With Bitcoin hovering around the $23,500, one popular and highly-respected crypto analyst says “old price action is irrelevant now” and explains why.

According to data by TradingView, currently (as of 09:19 UTC on December 23), Bitcoin is trading around $23,555 on Coinbase.

On Tuesday (December 22), Alex Saunders, Founder and CEO of Nugget’s News, explained why he is so bullish on Bitcoin:

Yestersay, prominent macroeconomist and crypto analyst Alex Krüger also commented on Btcoin’s price action:

Krüger says that Bitcoin’s implied volatility suggests that the market is bearish in the short-term but very bullish in the long term.

Implied volatility is “a metric that captures the market’s view of the likelihood of changes in a given security’s price,” and it can be used by investors to “project future moves and supply and demand.” It usually goes up in bearish markets and goes down in bullish markets.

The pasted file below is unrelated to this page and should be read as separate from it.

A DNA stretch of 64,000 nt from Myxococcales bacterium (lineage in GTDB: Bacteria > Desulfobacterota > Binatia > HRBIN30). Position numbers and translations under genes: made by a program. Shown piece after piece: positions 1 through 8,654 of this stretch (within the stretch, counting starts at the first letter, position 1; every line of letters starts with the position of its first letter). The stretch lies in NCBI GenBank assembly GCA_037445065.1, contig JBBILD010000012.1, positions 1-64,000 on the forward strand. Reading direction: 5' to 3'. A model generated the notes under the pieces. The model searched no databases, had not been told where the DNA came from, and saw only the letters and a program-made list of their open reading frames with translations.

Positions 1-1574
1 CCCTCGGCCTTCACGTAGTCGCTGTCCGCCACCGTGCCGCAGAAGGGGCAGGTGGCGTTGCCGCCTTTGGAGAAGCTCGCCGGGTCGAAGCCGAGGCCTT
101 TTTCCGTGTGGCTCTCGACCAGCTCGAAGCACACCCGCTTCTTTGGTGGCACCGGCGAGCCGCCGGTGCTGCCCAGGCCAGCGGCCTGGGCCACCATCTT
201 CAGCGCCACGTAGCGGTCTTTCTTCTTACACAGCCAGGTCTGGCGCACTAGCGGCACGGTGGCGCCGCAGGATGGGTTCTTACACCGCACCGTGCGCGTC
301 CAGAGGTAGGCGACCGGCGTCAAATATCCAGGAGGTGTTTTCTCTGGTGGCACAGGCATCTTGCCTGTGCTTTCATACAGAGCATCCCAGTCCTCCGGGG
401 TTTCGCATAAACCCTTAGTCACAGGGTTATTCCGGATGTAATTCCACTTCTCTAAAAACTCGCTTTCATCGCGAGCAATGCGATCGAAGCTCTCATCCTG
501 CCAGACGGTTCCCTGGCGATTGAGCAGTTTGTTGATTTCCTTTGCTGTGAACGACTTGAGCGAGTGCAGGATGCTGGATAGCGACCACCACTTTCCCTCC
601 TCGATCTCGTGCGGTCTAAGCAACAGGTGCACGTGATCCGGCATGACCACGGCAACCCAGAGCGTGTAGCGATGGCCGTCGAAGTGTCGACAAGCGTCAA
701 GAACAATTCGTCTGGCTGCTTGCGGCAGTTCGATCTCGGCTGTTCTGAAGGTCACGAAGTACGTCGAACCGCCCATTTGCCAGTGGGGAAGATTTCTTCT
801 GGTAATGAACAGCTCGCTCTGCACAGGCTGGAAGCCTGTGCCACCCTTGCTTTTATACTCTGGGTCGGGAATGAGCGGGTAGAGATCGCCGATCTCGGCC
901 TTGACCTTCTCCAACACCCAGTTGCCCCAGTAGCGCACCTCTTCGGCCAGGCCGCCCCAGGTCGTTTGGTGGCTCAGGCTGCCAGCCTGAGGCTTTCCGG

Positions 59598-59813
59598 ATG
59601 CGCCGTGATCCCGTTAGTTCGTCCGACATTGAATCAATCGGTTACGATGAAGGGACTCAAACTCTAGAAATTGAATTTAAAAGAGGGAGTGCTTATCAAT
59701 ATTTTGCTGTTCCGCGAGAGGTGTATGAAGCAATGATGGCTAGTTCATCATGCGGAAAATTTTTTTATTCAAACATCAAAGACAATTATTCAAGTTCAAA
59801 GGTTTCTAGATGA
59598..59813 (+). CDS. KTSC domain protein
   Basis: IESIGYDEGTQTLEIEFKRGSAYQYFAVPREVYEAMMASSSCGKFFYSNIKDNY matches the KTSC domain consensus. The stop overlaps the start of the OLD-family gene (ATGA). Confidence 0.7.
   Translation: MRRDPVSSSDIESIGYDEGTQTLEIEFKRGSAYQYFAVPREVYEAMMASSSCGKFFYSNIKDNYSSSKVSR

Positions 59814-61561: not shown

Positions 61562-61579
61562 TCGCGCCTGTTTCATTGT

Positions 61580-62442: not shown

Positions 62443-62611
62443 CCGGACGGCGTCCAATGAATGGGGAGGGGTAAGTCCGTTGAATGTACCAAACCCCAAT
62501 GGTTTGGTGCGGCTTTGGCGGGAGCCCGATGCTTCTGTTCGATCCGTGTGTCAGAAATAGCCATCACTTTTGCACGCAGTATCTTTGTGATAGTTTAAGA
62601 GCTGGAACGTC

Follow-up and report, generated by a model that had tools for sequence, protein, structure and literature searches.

On December 3, CryptoCompare, a leading cryptoasset market data provider, launched the Bitcoin Volatility Index (BVIN), which was developed in partnership with the University of Sussex Business School. This innovative tool for Bitcoin traders provides a highly accurate way to understand Bitcoin’s 30-day implied volatility, i.e. how volatile Bitcoin prices are likely to be over the next 30 days based on traders’ expectations.

Of course, all of these institutional investors are buying Bitcoin as an inflation hedge asset (similar to gold but better). On December 15, Coin Metrics research analyst Nate Maddrey explained what makes Bitcoin a good inflation hedge:

On Monday (December 21), Michael Saylor, Co-Founder, Chairman, and Chief Executive Officer of Nasdaq-listed business intelligence software company MicroStrategy Inc. (NASDAQ: MSTR), said that his firm had invested another $650 million in Bitcoin (for use as its primary treasury reserve asset).

Well, yesterday, Saylor explained why “money is flowing out of conventional assets into.”

Featured Image by “SnapLaunch” via Pixabay.com

The views and opinions expressed by the author are for informational purposes only and do not constitute financial, investment, or other advice.